What's the lesson here?
Give a mouse a cookie and he'll want a rehearing?
Don't look a gift opinion in the dicta?
Ask and ye shall receive everything but what you ask for?
Crystal Cox was a landmark free press plaintiff. Her case set the precedent in the Ninth Circuit that bloggers, like me and even her attorney, enjoy the same protections as the traditional media. And she escaped a $2.5 million defamation verdict.
The case could've ended on a positive note, with only a passing mention of her alleged extortionist past. But when she requested a rehearing, and deletion of a non-dispositive sentence in the opinion (which cited a New York Times article about Cox), it drew the attention of a few very angry people.
Amici Pile On
We've already covered Marc Randazza's amicus brief "in support of neither party," in which he argued that yes, the opinion should be amended, but the court should instead supplement the sentence with references to the record of the case ("defendant offered to repair the very damage she caused for a small but tasteful monthly fee"), or to other courts' findings from his own case against Cox, including both a federal district court and the World Intellectual Property Organization citing her alleged extortionist activities.
A second amicus party, Martin Cain, also armed with court records from his own case, then followed Randazza's lead. Randazza, at one point, cited preliminary findings from the Montana Board of Realty Regulation. Cox argued that those findings should not be considered because of their preliminary nature.
Cain showed up with the final version, and it was even more harsh than the preliminary findings. The MBRR findings, which are attached to his amicus curiae brief, state:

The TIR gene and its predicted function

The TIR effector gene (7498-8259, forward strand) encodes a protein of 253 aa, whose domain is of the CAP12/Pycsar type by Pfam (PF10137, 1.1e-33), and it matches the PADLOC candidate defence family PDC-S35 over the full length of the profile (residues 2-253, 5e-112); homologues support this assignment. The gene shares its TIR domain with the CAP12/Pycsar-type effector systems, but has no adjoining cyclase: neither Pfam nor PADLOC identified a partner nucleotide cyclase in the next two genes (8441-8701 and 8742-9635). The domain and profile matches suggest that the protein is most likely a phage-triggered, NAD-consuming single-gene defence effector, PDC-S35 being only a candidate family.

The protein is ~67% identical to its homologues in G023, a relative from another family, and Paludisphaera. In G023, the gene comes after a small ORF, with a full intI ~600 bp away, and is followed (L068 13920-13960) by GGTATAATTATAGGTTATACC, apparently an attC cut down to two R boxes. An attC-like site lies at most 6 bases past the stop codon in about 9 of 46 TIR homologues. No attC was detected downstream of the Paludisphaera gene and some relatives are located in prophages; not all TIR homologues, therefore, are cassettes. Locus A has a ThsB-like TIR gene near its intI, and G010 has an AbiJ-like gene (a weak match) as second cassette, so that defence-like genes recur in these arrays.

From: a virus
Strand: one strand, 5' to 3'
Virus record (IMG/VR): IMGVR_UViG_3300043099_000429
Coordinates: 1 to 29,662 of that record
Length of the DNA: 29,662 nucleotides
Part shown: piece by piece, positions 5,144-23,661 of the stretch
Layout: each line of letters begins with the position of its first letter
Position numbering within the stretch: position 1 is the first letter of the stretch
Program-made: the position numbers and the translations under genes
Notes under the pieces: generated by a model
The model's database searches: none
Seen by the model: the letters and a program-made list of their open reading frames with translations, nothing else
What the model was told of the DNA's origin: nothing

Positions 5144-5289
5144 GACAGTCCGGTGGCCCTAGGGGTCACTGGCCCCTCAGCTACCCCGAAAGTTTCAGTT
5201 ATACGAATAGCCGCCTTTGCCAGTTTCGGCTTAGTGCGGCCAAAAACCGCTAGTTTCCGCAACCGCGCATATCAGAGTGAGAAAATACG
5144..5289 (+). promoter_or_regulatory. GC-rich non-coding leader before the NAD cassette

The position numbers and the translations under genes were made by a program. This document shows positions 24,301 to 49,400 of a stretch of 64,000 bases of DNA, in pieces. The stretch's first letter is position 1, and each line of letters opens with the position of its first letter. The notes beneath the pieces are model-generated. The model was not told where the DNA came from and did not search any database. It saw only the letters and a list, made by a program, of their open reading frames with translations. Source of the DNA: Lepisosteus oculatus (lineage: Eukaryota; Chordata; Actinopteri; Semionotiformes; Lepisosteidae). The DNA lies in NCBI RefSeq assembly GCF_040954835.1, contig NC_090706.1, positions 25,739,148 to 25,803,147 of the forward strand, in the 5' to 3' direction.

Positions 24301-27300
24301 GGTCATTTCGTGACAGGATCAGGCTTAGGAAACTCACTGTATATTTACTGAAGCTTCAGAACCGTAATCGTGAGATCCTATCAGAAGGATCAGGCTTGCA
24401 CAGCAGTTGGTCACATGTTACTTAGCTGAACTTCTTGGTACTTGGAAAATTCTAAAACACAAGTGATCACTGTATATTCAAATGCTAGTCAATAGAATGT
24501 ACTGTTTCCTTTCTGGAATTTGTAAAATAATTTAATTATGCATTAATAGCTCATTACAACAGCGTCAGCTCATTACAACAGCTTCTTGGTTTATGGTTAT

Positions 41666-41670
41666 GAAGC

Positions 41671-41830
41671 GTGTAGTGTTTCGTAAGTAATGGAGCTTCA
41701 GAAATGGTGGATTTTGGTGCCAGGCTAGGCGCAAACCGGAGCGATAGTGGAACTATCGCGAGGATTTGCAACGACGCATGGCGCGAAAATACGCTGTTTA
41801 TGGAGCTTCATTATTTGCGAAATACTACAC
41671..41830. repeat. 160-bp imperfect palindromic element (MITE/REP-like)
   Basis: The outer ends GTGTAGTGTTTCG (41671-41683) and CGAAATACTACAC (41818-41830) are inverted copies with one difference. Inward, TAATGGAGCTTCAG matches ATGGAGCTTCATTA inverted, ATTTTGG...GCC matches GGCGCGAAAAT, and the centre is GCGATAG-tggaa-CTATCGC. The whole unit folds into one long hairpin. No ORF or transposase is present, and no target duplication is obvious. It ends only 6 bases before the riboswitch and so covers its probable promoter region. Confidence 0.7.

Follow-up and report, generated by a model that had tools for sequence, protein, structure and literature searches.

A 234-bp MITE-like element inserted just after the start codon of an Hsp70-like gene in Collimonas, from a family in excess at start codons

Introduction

On her February 17, 2011 blog on the www.martincain.com website, [Cox] pos[ted] "Montana Man Admits to Working With Martin Cain to Set Me Up, Harm me, Kill me." [...] Afterwards, the licensee deleted the February 17, 2011 blog and then sent an e-mail to Cain telling him that he could purchase the www.martincain.com website and domain name for $550,000.
In its final report, the MBRR suspended Cox's license for six months (with all but 30 days stayed pending compliance with the other terms and conditions), imposed continuing education duties upon her, levied a fine, and put her license on probation for two years.
The punishment was greater than recommended in the preliminary report because the MBRR unanimously adopted the Hearing Examiner's finding that Cox had "publically revealed confidential information that she gained through a professional relationship with Cain."
Ends With a Whimper
On Wednesday, with four sentences, the panel unanimously voted to deny Cox's request.
Four sentences. And instead of a cleaned-up opinion, she had a light shined on obscure administrative and court rulings. (Because seriously, there's no way anyone would've ever seen MBRR orders. It's the freaking Montana real estate disciplinary board.)
We may be playing Monday morning quarterback here, but it might've been advisable to take the original opinion, pocket the $2.5 million in savings, and gone back to exposing the corrupt on her plentiful blogs. After all, there are plenty more targets out there.
- Obsidian Finance Group v. Cox (FindLaw's CaseLaw)
- 9th Kills Free Speech Twice: First T-Shirts, Then YouTube? (FindLaw's U.S. Ninth Circuit Blog)
- 9th Reversed: Highway or Not, Government Controls Military Bases (FindLaw's U.S. Ninth Circuit Blog)
- A Case About Sunflower Seeds; Adjust Expectations Accordingly. (FindLaw's U.S. Ninth Circuit Blog)